breakthrough with the PDP-1 system at MIT which was the earliest example of
capability based architecture. Another early example was Sketchpad made by Ivan
Sutherland in 1963; however, this was an application and not a programming
paradigm. Objects as programming entities were introduced in the 1960s in Simula
67, a programming language designed for making simulations, created by Ole-Johan
Dahl and Kristen Nygaard of the Norwegian Computing Center in Oslo. Such an
approach was a simple extrapolation of concepts earlier used in analog
programming. On analog computers, such direct mapping from real-world
phenomena/objects to analog phenomena/objects (and conversely), was (and is)
called 'simulation'. Simula not only introduced the notion of classes, but also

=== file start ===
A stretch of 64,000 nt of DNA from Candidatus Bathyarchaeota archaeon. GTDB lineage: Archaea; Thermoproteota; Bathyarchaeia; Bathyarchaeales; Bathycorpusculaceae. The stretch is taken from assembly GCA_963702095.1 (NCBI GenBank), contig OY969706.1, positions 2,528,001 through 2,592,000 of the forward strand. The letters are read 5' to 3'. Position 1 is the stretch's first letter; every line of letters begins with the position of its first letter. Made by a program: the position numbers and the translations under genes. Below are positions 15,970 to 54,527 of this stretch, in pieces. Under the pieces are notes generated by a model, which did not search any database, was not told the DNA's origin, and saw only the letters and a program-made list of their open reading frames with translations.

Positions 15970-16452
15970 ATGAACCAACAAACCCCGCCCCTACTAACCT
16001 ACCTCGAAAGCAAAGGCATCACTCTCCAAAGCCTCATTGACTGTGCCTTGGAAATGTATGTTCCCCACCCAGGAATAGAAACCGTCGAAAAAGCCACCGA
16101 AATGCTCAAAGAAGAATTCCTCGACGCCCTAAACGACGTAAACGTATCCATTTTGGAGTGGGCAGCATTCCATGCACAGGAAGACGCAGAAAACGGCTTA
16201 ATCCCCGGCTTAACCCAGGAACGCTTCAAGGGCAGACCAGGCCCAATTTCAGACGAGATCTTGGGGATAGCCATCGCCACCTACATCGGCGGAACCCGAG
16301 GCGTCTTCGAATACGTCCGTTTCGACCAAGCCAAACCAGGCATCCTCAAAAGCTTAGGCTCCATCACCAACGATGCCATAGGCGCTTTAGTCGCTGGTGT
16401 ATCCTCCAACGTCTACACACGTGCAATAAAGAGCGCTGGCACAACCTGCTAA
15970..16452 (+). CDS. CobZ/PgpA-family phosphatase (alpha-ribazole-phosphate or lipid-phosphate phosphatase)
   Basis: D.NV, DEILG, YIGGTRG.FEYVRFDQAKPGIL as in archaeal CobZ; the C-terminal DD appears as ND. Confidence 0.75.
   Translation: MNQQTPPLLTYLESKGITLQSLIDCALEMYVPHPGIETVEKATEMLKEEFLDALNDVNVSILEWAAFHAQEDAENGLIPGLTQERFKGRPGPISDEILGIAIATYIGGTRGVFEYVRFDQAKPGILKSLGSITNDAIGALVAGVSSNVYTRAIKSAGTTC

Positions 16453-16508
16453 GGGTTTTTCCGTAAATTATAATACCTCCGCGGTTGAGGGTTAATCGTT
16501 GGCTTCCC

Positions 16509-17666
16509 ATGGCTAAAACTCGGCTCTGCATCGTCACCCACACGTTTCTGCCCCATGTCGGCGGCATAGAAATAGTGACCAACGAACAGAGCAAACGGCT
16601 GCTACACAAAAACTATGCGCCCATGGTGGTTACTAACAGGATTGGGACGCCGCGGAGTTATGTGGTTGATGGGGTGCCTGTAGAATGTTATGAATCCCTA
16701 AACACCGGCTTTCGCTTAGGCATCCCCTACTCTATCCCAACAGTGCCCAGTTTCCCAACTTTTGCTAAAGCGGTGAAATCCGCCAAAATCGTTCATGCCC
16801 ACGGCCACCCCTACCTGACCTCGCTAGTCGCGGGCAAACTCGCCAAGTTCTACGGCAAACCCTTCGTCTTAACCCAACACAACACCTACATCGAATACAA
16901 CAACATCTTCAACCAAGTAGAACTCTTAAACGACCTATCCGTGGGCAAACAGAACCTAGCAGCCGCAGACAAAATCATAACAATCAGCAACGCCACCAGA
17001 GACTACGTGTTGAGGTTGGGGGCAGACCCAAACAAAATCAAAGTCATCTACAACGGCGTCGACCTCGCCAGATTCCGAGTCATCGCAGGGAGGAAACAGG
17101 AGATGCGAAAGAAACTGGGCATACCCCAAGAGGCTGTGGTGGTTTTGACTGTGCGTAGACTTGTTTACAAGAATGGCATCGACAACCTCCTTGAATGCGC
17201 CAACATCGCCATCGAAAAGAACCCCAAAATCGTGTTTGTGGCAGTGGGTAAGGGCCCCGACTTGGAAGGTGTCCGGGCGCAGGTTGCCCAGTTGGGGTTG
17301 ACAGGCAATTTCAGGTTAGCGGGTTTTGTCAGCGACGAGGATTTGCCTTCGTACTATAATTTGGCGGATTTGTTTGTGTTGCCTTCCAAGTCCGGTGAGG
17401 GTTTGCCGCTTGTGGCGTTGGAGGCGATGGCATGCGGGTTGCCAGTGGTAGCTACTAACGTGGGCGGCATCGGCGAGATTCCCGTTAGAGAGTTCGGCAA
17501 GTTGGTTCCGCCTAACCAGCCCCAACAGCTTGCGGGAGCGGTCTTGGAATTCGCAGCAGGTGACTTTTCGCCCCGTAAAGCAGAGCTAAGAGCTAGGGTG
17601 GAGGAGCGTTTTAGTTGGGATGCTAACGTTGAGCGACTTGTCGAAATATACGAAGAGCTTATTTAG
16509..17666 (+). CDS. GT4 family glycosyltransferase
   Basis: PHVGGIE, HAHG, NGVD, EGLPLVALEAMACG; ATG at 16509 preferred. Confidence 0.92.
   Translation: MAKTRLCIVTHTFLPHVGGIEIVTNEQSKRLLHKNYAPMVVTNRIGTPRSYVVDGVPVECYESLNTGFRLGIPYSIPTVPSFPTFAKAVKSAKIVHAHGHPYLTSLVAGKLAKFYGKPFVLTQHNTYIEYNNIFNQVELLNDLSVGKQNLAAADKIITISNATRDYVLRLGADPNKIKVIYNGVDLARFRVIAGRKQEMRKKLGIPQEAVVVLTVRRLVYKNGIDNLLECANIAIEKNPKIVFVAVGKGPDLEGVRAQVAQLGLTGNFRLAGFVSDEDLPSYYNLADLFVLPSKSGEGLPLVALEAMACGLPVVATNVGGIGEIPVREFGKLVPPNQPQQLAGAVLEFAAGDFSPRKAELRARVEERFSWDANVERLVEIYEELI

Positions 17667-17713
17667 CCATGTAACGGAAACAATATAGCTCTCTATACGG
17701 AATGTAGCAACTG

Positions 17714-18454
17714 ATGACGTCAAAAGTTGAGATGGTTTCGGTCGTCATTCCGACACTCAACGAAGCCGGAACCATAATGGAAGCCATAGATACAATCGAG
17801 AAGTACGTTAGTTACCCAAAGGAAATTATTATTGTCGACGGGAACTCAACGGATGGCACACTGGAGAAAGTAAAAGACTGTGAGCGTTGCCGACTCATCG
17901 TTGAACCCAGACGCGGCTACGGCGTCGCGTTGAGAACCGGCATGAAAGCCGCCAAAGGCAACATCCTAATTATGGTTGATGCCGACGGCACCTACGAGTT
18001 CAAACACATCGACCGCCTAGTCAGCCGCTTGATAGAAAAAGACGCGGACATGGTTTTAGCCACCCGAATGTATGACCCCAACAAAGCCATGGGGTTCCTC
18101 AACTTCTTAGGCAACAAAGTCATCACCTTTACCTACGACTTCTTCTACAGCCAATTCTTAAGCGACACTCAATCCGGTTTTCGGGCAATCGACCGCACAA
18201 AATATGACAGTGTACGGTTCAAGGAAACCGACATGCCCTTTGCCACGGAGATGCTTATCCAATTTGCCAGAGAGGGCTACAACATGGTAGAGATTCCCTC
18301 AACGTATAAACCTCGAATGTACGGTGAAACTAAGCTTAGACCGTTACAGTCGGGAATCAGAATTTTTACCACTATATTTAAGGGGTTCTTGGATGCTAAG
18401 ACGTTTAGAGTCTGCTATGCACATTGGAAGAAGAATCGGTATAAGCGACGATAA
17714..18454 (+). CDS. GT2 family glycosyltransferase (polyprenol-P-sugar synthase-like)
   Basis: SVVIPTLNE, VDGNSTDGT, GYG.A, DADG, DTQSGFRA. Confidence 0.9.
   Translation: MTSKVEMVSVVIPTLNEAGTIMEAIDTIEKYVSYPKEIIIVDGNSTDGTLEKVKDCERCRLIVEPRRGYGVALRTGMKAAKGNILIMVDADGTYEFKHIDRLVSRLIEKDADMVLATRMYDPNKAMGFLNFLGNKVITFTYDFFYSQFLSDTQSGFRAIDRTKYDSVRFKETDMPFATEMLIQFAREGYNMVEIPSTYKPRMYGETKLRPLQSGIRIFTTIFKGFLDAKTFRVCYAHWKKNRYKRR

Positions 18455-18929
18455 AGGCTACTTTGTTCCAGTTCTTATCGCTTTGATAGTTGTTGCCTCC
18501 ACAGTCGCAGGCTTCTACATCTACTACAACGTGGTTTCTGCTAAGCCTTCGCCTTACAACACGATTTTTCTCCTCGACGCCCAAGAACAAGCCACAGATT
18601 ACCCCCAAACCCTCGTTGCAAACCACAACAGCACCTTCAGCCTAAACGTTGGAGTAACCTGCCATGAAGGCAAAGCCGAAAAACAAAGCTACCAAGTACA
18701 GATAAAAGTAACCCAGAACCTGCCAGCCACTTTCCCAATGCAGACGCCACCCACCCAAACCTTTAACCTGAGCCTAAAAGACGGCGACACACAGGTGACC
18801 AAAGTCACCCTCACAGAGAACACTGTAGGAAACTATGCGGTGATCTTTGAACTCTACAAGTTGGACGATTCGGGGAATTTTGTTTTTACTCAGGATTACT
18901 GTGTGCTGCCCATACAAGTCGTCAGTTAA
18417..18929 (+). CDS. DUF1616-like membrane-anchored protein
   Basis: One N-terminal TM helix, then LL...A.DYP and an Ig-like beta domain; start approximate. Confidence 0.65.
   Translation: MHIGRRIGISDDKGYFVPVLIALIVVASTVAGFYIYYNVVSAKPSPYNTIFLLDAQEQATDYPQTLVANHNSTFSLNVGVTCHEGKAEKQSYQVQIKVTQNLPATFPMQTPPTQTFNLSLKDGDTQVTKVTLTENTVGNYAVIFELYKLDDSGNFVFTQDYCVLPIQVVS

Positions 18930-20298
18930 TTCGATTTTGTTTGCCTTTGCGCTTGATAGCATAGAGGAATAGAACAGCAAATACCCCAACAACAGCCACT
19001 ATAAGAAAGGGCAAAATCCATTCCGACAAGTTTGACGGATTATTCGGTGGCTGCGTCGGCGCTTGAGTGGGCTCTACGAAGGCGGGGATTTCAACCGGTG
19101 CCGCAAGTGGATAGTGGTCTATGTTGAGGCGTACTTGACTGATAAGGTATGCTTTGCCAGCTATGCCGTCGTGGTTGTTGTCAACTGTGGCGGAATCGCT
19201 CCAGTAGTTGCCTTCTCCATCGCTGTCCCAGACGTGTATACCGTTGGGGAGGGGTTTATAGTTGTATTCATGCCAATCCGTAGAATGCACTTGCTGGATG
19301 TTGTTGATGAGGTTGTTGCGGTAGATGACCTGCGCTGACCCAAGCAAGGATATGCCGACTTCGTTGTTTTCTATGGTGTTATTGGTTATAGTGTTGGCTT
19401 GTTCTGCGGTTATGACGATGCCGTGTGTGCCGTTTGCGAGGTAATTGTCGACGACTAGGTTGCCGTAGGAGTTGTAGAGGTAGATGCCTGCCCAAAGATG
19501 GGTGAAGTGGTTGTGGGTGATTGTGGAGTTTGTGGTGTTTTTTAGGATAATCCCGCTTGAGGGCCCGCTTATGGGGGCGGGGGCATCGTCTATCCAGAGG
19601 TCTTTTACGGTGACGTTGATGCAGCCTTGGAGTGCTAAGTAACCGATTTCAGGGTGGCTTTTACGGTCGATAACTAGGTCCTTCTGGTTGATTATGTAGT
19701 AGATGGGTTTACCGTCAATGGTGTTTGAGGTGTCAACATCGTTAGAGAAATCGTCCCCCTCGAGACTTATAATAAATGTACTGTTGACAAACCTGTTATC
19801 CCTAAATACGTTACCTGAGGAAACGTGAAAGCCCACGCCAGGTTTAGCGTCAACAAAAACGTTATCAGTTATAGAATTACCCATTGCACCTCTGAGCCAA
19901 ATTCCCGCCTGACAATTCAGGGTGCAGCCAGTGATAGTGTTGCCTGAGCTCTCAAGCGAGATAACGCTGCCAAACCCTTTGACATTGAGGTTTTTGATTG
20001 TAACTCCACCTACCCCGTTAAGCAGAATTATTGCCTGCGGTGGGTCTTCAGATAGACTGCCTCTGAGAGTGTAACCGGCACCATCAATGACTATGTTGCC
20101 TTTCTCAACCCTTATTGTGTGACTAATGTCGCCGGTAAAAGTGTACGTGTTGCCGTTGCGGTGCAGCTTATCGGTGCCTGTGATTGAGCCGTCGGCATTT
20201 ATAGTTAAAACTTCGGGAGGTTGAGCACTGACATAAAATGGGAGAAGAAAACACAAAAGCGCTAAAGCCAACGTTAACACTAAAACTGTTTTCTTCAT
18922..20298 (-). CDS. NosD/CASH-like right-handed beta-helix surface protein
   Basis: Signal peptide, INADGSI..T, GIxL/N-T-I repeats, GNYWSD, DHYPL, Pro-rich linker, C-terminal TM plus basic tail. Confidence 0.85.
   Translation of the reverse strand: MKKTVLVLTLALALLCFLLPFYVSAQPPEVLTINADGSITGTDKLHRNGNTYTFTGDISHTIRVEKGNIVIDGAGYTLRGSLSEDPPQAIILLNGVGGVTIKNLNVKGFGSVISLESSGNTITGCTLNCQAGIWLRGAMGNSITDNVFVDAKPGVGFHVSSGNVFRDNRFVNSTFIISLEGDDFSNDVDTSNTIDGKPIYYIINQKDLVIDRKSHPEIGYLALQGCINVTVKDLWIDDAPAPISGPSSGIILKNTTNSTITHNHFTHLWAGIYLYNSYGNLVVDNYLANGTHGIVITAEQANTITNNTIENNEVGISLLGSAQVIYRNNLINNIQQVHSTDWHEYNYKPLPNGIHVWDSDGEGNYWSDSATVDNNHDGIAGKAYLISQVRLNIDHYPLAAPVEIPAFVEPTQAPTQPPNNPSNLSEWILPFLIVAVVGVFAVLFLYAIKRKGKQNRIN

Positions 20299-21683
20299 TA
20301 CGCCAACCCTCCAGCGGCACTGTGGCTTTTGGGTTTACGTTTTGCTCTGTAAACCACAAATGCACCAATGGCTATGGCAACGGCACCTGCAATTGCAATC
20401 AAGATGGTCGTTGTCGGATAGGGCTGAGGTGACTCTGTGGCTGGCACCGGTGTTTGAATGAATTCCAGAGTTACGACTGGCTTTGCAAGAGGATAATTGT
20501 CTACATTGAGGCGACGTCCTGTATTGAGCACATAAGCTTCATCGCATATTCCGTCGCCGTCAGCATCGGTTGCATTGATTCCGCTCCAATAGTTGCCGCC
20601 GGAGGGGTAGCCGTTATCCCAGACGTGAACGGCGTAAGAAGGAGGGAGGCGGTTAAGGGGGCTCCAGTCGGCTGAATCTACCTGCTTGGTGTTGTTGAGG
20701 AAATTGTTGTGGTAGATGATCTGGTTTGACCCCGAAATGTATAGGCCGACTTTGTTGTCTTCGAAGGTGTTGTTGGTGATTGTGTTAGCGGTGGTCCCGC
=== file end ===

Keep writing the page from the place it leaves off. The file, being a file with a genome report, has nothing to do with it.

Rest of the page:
of instances of classes, which is probably the first explicit use of those notions.
The Smalltalk language, which was developed in the 1970s, introduced the term Object-oriented programming to represent the pervasive use of objects and messages as the basis for computation. Smalltalk creators were influenced by the ideas introduced in Simula 67, but Smalltalk was designed to be a fully dynamic system in which classes could be created and modified dynamically rather than simply using static ones. The ideas in Simula 67 were also used in many other languages, from derivatives of Lisp to Pascal.
Object-oriented programming developed as the dominant programming methodology during the mid-1980s, largely due to the influence of C++. Its dominance was further cemented by the rising popularity of graphical user interfaces, for which object-oriented programming is well-suited. OOP toolkits also enhanced the popularity of "event-driven programming". Some feel that association with GUIs (real or perceived) was what propelled OOP into the programming mainstream.